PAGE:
Journaling is also a step toward verbal reflection: a lot of us appreciate the opportunity to collect our thoughts before we voice them. For many of us, this is a valuable skill to learn. Either way, journaling before sharing affords this opportunity and will help make verbal processing more concise.
This is an easy step to skip, especially when feeling rushed, but it is helpful to ensure that no one is jolted out of their presence with God too jarringly and to allow the practice to become more fully integrated into each person’s body-mind-spirit.

Some of us are verbal processors. Time and safe space for sharing experiences can be a rich way to reflect collectively: one person’s words may spark a memory or deepen an awareness of another person’s experience, or simply naming the experience out loud may help it sink in.
Comments are invited to be a response to the silence, the particular practice, something that was revealed during the practice or thoughts/feelings around the practice.
Reflection is intended only for those who feel called to share. Mary responded to the Incarnate Presence by “pondering in her heart”. The shepherds ran into the streets telling everyone what they had seen and heard. While shouting it to the world helps some of us make sense or make real, others need to hold an experience close for it to be truly ours.

Be mindful that spoken reflections are met with attentive listening and affirmations.
This is not a time for judgement - either from the person sharing, or of the person sharing. 
This is not a time for theological or psychological correction, nor is it a time for psycho-analysis. It is an excellent time to practice non-judgmental listening.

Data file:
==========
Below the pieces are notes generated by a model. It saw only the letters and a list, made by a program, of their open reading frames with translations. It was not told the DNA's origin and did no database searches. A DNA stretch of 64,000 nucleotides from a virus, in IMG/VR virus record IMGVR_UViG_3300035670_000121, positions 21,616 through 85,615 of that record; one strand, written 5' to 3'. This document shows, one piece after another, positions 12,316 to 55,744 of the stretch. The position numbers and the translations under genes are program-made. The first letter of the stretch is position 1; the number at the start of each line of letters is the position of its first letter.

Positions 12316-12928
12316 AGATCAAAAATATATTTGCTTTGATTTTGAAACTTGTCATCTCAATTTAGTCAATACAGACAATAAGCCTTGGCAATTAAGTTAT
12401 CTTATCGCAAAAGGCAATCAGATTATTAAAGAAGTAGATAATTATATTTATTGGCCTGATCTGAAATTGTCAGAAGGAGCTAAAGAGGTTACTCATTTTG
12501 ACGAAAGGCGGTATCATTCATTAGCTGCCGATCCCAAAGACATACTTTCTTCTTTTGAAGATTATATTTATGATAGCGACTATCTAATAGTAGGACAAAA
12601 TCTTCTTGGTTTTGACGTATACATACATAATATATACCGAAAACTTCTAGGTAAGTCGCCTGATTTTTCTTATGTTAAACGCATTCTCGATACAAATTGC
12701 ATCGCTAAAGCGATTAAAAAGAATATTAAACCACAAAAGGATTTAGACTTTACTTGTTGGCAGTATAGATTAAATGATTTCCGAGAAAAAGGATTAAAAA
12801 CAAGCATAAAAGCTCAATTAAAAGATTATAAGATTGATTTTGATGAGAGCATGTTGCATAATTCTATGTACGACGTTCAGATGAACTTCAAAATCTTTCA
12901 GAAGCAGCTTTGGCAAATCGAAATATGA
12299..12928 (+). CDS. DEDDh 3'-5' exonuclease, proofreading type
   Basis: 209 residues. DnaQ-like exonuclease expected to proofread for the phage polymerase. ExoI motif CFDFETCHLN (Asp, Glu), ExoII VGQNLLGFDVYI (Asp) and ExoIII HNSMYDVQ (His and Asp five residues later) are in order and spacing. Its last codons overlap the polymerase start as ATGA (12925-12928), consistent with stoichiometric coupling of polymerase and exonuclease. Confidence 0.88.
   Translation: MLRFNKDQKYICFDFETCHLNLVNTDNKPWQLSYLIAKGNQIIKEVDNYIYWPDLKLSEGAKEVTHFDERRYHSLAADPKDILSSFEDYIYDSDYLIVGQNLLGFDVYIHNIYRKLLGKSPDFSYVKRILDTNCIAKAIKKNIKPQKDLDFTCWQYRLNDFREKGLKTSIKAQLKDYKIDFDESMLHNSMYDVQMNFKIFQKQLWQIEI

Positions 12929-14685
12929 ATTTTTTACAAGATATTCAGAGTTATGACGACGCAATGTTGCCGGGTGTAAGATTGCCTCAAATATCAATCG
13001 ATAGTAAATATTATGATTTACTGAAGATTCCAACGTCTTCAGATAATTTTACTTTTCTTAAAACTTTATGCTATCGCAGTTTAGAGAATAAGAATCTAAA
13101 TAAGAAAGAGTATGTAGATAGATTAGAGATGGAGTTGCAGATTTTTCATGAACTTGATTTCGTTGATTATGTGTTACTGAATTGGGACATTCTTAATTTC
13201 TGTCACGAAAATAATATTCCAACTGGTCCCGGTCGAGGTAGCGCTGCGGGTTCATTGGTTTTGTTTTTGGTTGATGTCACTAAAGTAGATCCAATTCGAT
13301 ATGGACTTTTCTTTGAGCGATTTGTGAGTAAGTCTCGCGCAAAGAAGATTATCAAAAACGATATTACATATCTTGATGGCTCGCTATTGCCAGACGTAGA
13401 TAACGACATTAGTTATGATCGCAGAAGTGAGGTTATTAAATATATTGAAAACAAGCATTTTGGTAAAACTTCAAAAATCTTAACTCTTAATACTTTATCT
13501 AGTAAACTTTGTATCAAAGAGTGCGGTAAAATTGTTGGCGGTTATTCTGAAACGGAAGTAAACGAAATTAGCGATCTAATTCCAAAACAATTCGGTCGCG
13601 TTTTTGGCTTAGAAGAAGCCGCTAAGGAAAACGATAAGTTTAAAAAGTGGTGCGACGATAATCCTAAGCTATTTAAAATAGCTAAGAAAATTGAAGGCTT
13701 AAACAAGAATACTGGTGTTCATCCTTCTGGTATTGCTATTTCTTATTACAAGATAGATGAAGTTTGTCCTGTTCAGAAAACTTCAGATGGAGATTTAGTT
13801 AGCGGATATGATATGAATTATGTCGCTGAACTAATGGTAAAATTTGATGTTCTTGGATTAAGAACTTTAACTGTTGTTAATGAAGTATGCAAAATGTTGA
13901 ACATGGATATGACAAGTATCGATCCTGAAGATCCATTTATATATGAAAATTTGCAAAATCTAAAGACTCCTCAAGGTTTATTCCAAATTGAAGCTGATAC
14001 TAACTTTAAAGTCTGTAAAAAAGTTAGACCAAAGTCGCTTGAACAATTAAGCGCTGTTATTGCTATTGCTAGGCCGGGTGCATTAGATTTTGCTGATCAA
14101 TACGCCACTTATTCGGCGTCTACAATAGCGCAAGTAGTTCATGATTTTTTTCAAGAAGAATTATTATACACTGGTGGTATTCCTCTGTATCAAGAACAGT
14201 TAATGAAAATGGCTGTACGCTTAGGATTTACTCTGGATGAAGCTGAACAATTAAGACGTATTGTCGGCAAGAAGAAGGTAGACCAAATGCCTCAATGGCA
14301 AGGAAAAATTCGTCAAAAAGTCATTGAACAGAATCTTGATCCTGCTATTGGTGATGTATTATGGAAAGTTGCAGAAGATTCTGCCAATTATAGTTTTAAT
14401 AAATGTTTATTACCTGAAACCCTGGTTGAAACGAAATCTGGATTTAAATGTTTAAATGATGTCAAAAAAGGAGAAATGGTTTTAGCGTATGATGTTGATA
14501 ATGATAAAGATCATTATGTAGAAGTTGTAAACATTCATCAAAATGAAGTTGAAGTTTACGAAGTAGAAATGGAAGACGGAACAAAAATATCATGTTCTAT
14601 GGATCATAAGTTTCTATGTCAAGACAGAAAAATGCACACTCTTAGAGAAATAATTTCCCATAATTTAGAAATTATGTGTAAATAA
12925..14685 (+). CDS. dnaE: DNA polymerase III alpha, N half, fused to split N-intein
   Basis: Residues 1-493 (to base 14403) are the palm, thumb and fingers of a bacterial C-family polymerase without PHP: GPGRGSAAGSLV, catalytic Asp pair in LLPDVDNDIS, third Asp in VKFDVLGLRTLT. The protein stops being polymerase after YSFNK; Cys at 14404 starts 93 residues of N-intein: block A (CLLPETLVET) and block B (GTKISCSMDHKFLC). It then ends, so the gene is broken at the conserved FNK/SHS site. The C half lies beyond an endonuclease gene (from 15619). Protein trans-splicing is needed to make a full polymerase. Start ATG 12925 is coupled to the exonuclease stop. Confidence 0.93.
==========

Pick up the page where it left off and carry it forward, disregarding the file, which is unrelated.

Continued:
Reflection should not include critique of the practice other than a person’s experience of it. There is no “wrong” sharing, however.
Gentle reminders of a non-judgemental intention can help keep sharing on track.

Adults may need to be diligent that if anyone shares something of a sensitive nature it remains within the sanctity of Family Evening Devotion time and space: a child’s comments during prayer time should not be grist for punitive or demeaning commentary later on, by anyone.

Listen carefully to one another.
Acknowledge each sharing with words of affirmation.
This is not a time for correction or psycho-analyzing experiences.
Discussion can and should be about curiosity, clarity and/or affirmation.

Having certain materials ready to hand will make each evening much easier.
To that end, we suggest a Family Evening Devotions Basket/Box/Bin.
At the outset, you will want to include:
~A journal, notebook or binder with paper for each participant
~Writing utensils for each participant
~Colored pencils, markers, crayons or pens sufficient to creativity of all participants (on 
night when they are needed, leaving these in a pool in the middle of the groups allows for contemplative sharing!)
~One or two manual pencil sharpeners (again, contemplative sharing when needed!)
~Candle and lighter or matches; or special electric light

We promise to post necessary materials for upcoming practices ahead of time so you aren’t taken by surprise. And we’ll keep materials to a bare minimum.